Three D.C. Council members introduced a bill yesterday that would provide $50 million in public funding for improvements at Verizon Center, a move that supporters said would spur more economic development near the Chinatown arena.

As part of the deal, the city would take over ownership of the building from Washington Wizards owner Abe Pollin in 2047. In the meantime, the city would get a rent-free, 24-seat luxury suite, which includes a private bathroom, two TVs, a refrigerator, a food service area and an unobstructed view of the arena floor.

The legislation, under which the District would issue $50 million in bonds and increase the tax on tickets and merchandise at the center, was requested by Pollin, who built the arena with private financing. The Wizards, Washington Mystics and Washington Capitals play in the 20,674-seat arena, which also hosts major concerts.

The $50 million would cover the costs of numerous upgrades. Pollin has asked for, among other things, a new $5 million scoreboard, a $3 million renovation of luxury suites, $400,000 worth of flat-screen TVs in suites, $1 million for a new marquee and many improvements to the arena's satellite and cable systems.

The money would "help keep Verizon Center amongst the premier sports and entertainment facilities in this country, and enable us to continue to attract outstanding events to our Nation's Capital," Pollin's company said in a statement.

"In our first 10 years in downtown Washington," the statement said, "the greatest athletes and performers have entertained over 22 million patrons, generated over $70 million in taxes for the city and spurred over $5.7 billion in development downtown. Our goal is to continue this success for many years to come."

A list of the requested improvements obtained by The Washington Post also shows expenditures for building maintenance, such as the replacement of a $750,000 emergency generator, $3 million to repair the roof and $500,000 for interior painting.

"This is a good deal," said council member Jack Evans (D-Ward 2), who co-sponsored the bill with Chairman Vincent C. Gray (D) and council member Marion Barry (D-Ward 8).

Evans said the city government has a box that seats at least 40 people at RFK Stadium, where the Washington Nationals play. The box is controlled by the D.C. Sports and Entertainment Commission. The city will get a box at the publicly funded baseball stadium in Southeast Washington when it opens next year.

Evans said the city would have to work out who would be in charge of running the box at Verizon, but it should be used for "economic-development purposes."

No one else on the 11-member council joined Evans, Gray and Barry as a co-sponsor.

"I think Abe Pollin has done a phenomenal job with the Verizon Center, but I wasn't comfortable enough to sign on," said council member Kwame R. Brown (D-At Large).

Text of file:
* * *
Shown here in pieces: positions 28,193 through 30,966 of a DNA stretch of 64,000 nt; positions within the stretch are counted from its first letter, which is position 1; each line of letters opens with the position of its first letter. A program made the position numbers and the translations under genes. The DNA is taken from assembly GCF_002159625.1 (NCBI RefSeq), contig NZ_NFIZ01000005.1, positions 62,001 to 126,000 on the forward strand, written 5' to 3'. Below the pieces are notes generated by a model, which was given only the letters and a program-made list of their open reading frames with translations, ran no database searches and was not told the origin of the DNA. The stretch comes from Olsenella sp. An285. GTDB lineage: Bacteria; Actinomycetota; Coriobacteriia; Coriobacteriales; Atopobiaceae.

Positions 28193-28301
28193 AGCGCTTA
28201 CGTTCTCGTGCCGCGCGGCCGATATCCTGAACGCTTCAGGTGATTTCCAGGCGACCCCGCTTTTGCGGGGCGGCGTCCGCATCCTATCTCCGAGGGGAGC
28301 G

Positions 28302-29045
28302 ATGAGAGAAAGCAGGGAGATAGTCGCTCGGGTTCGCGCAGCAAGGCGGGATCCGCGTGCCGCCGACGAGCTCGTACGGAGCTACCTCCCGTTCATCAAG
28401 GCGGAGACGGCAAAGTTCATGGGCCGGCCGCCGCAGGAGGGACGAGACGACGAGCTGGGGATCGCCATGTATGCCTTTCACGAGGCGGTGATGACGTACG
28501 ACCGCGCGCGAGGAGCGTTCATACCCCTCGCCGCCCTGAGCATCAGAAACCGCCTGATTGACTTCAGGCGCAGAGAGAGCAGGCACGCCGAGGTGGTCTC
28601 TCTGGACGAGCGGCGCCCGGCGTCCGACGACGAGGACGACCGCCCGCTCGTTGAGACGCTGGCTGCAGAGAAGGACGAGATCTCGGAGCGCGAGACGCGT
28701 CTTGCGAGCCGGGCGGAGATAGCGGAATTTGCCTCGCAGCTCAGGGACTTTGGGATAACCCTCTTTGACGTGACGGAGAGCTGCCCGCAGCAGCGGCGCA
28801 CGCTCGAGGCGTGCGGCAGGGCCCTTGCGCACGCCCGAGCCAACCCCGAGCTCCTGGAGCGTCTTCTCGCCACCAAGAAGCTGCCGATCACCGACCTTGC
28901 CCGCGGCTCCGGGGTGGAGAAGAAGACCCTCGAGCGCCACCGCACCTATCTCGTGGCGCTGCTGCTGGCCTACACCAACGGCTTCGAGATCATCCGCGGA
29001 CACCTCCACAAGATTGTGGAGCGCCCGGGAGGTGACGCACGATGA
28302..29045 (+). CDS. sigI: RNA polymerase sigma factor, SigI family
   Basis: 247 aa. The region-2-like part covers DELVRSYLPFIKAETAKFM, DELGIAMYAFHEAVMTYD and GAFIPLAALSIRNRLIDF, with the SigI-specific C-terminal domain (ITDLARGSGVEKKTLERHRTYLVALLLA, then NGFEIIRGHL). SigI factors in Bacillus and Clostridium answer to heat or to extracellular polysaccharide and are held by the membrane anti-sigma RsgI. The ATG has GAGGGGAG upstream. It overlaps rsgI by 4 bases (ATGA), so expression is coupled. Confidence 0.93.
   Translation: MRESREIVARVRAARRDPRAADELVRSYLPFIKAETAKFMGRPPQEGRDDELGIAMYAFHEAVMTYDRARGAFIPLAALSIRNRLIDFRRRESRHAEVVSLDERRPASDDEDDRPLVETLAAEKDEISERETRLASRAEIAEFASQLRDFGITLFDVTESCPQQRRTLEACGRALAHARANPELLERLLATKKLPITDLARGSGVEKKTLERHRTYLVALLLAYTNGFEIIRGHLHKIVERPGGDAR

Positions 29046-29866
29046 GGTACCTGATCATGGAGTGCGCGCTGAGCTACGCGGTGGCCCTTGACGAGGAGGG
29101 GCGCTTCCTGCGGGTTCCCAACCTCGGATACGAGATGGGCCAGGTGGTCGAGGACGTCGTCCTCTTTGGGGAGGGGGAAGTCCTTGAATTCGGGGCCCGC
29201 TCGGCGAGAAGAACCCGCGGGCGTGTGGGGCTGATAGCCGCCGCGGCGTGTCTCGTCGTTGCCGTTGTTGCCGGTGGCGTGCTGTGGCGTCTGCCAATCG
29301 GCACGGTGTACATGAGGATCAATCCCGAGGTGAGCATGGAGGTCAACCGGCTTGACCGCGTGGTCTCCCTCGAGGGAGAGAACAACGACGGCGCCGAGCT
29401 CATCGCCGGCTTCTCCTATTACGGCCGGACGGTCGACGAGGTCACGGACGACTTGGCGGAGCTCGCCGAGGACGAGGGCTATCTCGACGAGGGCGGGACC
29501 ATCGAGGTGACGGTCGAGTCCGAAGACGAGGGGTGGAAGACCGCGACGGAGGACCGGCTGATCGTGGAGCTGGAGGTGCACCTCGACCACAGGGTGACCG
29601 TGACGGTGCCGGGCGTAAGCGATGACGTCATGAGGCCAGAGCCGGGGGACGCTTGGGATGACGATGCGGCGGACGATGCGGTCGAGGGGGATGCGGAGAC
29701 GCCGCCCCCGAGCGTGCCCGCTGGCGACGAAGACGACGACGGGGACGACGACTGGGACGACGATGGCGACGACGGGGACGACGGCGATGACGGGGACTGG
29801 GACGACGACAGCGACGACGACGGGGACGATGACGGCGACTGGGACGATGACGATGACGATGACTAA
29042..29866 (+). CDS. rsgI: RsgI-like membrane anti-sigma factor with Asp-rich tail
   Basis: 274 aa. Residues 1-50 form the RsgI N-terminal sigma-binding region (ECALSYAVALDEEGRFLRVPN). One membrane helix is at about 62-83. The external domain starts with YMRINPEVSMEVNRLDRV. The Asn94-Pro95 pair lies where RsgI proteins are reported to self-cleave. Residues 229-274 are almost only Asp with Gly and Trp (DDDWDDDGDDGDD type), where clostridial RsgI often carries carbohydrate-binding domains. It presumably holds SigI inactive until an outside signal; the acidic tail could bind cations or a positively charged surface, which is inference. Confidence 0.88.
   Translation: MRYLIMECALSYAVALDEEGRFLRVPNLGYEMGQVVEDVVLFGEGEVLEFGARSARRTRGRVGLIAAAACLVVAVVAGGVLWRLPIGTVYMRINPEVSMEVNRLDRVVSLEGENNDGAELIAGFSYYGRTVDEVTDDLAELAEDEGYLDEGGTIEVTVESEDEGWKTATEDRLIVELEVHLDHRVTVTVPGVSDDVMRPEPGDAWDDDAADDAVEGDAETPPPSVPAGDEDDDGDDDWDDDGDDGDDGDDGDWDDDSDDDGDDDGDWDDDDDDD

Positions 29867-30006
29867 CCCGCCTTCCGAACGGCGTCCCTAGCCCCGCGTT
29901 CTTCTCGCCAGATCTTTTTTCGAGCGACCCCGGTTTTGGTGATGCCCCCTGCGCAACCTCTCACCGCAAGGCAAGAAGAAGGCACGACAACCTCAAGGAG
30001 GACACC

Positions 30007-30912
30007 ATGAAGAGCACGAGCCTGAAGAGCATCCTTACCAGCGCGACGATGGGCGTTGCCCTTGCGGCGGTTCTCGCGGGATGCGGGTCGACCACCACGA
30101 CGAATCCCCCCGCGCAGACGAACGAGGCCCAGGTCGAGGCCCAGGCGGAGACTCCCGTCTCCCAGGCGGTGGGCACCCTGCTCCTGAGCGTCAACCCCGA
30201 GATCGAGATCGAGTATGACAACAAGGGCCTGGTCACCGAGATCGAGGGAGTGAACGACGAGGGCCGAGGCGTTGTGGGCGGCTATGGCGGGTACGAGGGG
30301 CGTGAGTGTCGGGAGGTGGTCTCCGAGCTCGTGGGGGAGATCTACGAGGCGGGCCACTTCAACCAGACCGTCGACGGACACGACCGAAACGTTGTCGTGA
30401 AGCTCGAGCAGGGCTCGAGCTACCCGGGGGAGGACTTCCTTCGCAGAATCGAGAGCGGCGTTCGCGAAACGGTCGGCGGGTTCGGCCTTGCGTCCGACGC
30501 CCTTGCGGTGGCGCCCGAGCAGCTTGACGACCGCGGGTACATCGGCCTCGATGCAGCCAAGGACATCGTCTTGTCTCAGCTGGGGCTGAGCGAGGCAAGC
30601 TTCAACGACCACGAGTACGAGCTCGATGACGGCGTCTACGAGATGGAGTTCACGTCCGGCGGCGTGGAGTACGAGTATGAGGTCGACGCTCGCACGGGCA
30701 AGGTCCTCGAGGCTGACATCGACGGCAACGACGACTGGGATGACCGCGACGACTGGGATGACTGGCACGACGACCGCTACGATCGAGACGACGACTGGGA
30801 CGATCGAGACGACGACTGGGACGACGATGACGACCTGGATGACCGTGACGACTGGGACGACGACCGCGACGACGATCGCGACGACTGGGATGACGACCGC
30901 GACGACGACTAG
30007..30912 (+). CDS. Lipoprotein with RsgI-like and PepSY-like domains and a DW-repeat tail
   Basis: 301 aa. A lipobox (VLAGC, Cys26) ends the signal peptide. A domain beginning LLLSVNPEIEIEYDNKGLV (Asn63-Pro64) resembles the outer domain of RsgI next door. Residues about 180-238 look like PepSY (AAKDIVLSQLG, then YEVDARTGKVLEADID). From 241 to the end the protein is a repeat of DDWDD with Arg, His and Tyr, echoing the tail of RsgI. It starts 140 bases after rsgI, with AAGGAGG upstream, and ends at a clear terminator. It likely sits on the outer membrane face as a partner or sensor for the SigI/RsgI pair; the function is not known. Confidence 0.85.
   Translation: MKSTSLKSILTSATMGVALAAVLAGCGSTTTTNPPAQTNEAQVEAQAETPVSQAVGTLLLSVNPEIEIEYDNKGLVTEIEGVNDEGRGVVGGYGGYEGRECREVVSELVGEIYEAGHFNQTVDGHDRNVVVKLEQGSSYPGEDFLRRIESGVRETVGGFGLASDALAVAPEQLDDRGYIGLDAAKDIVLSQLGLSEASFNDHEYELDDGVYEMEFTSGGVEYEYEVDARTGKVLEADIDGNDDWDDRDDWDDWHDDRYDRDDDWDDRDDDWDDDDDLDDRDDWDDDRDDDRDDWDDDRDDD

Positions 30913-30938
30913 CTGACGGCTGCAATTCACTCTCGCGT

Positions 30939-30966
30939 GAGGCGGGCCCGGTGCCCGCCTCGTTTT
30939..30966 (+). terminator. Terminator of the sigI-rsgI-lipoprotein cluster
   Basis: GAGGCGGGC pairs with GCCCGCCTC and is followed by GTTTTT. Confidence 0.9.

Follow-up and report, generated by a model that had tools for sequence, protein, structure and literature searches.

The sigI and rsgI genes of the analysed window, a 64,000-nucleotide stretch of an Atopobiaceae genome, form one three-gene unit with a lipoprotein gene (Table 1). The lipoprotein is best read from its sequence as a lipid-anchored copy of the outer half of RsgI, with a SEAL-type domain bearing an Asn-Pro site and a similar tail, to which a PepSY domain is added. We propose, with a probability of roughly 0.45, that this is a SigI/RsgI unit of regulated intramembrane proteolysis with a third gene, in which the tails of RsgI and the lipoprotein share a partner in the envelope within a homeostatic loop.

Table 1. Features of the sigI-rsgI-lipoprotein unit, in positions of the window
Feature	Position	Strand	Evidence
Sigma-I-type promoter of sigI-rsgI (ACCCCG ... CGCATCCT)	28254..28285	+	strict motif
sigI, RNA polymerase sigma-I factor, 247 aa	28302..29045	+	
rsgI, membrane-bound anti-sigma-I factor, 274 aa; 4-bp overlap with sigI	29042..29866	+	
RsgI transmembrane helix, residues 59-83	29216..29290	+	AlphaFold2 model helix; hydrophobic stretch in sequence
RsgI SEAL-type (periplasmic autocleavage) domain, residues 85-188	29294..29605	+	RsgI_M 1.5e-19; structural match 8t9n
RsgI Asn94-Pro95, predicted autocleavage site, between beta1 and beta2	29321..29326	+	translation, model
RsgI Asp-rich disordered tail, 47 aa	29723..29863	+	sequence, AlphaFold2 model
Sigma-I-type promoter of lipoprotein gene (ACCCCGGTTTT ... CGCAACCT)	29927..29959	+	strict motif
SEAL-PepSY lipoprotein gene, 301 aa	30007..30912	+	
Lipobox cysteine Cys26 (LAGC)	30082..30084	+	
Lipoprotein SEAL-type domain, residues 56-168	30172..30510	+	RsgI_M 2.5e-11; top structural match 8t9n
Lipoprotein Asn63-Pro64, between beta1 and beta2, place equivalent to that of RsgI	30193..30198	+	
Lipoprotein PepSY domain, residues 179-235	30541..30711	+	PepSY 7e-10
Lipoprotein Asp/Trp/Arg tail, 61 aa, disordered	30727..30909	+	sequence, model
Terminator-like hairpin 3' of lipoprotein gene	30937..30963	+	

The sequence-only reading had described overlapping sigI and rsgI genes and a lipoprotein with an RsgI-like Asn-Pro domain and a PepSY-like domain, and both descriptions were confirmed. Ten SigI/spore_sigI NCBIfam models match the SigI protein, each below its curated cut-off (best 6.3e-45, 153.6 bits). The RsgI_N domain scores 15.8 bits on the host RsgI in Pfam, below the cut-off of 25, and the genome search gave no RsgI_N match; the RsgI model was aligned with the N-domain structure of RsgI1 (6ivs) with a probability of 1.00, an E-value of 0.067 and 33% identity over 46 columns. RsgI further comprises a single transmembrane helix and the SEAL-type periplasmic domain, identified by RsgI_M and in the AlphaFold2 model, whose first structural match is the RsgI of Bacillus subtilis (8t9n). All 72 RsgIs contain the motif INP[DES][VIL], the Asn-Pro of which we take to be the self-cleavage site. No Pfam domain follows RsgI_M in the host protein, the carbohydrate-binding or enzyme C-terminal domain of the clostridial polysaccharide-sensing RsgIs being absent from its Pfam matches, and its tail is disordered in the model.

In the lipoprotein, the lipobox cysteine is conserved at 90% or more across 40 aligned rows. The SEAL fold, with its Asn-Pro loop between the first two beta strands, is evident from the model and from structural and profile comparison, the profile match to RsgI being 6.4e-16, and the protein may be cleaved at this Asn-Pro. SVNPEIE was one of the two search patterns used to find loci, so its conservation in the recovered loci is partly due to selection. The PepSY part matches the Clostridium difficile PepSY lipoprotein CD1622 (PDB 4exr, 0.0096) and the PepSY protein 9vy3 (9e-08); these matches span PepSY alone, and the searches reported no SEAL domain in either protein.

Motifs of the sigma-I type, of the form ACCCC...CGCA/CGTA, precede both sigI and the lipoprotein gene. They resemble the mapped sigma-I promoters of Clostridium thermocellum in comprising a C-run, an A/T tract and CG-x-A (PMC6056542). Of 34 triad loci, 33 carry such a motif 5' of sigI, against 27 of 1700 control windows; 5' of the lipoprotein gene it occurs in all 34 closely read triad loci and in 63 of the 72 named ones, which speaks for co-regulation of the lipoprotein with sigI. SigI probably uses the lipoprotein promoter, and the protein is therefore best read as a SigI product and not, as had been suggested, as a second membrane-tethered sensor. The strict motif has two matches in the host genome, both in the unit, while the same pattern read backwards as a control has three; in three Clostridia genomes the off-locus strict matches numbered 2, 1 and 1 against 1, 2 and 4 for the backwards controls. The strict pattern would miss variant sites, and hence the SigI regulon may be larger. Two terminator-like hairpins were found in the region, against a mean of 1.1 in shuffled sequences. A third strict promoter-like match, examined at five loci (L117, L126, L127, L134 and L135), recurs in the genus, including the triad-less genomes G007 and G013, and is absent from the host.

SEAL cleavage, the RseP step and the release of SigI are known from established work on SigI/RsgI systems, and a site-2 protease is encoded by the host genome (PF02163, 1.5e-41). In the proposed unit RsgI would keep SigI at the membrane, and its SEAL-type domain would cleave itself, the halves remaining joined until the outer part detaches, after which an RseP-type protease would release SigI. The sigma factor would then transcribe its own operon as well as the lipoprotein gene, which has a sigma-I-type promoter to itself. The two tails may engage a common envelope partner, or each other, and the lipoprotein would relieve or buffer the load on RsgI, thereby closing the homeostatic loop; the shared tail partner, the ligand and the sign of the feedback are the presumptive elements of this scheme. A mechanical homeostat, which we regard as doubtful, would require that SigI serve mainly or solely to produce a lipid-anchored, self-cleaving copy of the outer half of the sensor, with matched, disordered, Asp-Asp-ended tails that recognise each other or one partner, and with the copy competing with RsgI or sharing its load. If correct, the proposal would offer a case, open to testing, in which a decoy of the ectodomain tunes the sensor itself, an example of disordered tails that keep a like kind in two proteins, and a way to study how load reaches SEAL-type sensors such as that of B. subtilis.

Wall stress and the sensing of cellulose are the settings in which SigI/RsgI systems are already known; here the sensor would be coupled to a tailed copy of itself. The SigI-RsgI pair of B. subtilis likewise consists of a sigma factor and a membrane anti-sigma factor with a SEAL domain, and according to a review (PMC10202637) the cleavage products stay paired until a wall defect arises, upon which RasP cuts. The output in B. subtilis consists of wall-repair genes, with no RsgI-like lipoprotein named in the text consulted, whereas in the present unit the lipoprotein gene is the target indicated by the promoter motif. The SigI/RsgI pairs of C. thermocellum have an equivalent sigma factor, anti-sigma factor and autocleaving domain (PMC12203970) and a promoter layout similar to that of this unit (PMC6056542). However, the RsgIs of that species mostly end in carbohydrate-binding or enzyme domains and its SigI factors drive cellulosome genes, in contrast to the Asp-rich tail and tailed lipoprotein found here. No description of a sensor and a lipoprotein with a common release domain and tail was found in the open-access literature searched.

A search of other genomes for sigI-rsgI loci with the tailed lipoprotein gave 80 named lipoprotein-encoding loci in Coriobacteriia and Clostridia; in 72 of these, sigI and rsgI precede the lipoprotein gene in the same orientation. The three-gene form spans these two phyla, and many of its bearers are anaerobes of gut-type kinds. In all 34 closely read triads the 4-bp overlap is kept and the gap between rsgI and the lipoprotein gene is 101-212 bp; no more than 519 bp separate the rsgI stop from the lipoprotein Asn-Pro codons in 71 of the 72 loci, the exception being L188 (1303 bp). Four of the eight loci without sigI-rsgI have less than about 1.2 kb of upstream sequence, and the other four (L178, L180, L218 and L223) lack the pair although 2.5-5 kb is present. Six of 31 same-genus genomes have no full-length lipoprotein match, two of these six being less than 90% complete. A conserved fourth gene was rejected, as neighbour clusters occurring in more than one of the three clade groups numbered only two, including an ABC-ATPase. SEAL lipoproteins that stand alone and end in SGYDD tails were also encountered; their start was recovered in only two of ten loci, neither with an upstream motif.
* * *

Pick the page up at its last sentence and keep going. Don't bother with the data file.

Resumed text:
Council member Mary Cheh (D-Ward 3) was harsher. "I don't think the city should be an ATM for sporting authorities," she said. "There's caution on my part."

Council member David A. Catania (I-At Large), a critic of the publicly funded baseball stadium, said that Pollin has been good to the District and that the $50 million could be a good investment of the city's money. But, he said, "I feel much more inclined to be supportive because this has been a partnership."

Under the proposal, the city would issue the bonds, which would be repaid by a 4.25 percentage-point increase in the tax on tickets and merchandise at Verizon Center. The current tax at the arena is 5.75 percent, so the legislation would push the tax to 10 percent.

Because about 60 percent of patrons at the center are from Maryland and Virginia, Evans said, much of the increase could be considered a "user tax" on nonresidents. "People who use the arena are going to the pay for the arena," he said.

The tax increase should generate about $4 million annually, said Evans, who heads the council committee on finance and revenue.

Barry credited Pollin with reviving the once-desolate downtown area, which has become a hot spot for restaurants and entertainment. "You have a growth downtown that's outstanding and out-of-sight," Barry said.

More than a decade ago, the city spent $70 million to buy the land at Seventh and F streets NW, improve the Metro station at Gallery Place-Chinatown and make other upgrades. But Pollin had to come up with $220 million in private financing to build Verizon Center. By contrast, the city has agreed to spend up to $611 million for the ballpark that will be home to the Nationals.

When the city requested a box at the Verizon Center in 1997, Pollin refused because the arena was built primarily with private funds.

Instead, Pollin offered a discounted, 12-seat box at $625,000 for five years. Barry, who was mayor at the time, entered into a lease, but it was stopped after criticism from city residents and Congress.

Now, in addition to offering a luxury suite, Pollin said that at Gray's request, he will open Verizon Center for the City Title girls' and boys' basketball championship games March 5 at no cost. Pollin's company, Washington Sports & Entertainment LP, will recoup expenses through ticket sales, said Matt Williams, a company spokesman.